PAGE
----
You’ve heard the saying, “We all have different body chemistry.” Believe it or not, good old fashioned DNA may be one of the primary causes of body odor – or lack thereof in specific populations. Research published in the Journal of Investigative Dermatology in Feb. 2010 discovered a variant in the ABCC11 gene, which plays a large role in body odor production. The gene ABCC11 codes for a protein that is apparently rather appealing and nutritious to the bacteria that generate body odor. In short, it’s a key gene that determines whether you are smelly or not.
The one single-nucleotide polymorphism (SNP), 538G>A (Gly180Arg), in the ABCC11 gene determines levels of body odor. Populations whom are homozygotic for this nucleotide possess significantly less of the axillary odorants than those whom are heterozygotic. The 538G>A SNP is predominant in Asian and Korean pupulations, who often feature nearly a complete lack of body odor. A similar trend has been identified in individuals with a surplus of the amino acid alipoprotein D in their sweat, another identified carrier of characteristic axillary odorants.
Stress and Body Odor – Can People Literally Smell my Tension?
Although the amount you sweat and its resulting smell can sometimes be related to diet, it also can be influenced by other factors like stress. When you’re under intense emotional stress, the wall of the tubule will contract, pushing sweat to the surface of your skin where bacteria will begin breaking it down. More often than not, it’s the process of the bacterial breakdown of apocrine sweat that is one of the primary causes of body odor. Consider staving off stress related odors by practicing Meditation for Stress Relief along with a cup of daily clay detox tea if you think this could be a contributing factor.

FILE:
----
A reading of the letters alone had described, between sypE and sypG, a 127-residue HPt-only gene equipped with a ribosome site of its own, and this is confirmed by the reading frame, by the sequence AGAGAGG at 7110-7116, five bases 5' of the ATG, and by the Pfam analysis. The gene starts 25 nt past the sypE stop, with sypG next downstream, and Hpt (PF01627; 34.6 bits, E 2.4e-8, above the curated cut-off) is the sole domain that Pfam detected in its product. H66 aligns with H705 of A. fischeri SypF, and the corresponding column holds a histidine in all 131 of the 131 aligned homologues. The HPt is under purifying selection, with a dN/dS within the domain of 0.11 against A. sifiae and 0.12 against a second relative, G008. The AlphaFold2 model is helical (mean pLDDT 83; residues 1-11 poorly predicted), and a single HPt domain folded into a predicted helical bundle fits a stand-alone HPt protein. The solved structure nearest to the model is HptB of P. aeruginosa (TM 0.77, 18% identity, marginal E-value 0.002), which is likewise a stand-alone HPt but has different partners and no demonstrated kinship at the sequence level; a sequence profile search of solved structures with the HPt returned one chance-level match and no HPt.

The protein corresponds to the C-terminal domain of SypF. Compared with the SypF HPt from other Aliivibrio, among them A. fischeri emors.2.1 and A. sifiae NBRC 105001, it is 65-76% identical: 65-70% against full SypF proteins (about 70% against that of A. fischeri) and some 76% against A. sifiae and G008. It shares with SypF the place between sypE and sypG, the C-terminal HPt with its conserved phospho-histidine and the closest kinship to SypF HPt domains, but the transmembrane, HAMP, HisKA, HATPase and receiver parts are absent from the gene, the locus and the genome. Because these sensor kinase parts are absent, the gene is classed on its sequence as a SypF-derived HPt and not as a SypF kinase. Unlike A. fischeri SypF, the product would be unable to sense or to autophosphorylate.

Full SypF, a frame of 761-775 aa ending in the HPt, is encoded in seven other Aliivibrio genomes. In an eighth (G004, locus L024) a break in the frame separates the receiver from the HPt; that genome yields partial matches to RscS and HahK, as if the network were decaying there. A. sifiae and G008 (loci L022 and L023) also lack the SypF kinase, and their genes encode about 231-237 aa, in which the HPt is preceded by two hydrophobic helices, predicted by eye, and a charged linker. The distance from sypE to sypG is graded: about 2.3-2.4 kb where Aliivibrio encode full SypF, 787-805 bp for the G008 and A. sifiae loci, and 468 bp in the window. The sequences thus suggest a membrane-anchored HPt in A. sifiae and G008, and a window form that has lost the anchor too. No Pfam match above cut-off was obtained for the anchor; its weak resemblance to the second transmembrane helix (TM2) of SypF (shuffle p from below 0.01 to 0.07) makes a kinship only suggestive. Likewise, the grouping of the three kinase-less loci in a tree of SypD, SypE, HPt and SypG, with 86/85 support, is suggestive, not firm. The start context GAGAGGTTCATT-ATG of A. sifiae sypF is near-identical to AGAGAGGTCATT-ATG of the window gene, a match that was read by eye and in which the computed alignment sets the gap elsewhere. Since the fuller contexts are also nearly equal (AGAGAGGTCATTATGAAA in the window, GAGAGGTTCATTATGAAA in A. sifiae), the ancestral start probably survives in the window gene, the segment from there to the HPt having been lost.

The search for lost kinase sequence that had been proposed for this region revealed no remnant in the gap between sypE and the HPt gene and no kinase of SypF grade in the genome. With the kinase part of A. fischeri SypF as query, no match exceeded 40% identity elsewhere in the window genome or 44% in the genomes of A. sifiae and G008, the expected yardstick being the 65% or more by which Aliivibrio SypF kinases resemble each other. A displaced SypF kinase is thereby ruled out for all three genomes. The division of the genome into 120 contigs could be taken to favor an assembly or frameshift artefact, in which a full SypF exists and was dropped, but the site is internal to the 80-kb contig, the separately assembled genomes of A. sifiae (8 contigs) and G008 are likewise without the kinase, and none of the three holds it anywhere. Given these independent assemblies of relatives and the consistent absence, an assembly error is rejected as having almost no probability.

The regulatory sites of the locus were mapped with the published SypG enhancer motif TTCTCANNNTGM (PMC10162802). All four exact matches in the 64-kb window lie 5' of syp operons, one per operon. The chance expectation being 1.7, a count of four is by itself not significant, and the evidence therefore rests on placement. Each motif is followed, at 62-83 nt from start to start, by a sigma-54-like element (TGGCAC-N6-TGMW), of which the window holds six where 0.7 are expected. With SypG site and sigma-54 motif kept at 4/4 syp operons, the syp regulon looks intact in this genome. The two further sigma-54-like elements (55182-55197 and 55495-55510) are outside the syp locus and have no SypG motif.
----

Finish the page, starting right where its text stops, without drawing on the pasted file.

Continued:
Body Odor Solutions to Consider and Ones to Avoid
Avoid using antibacterial soaps as a quick fix for bacteria on your skin. These soaps contain potentially harmful ingredients like triclosan. Although effective at eliminating up to 99% of bacteria, that 1% will remain, grow and multiply, and will become resistant to the disinfectant and other agents. Such a response can be observed in hospitals and schools where super-bug type infections run rampant amid environments where chronic use of antibacterial soaps and foams are observed.
Although attempting to find body odor solutions by eliminating excess sweating through procedures like using the MiraDry technique or Botox injections may be alluring, Sweating is Healthy and Natural. Use of these approaches to hinder normal bodily functions have not been studied for long-term health effects, while the regulation of one’s system from the inside with natural detox and pH balancing clay hygiene products have stood the test of time for centuries!
Take a look at our vast selection of organic clay hygiene and detox products for natural body odor solutions, and address the causes of body odor with a 360-degree approach. Whether you’re looking for a gentle daily detox, natural pH balancing organic soaps, or an aluminum-free deodorant, you’ll find natural solutions for body odor at Spirit Detox.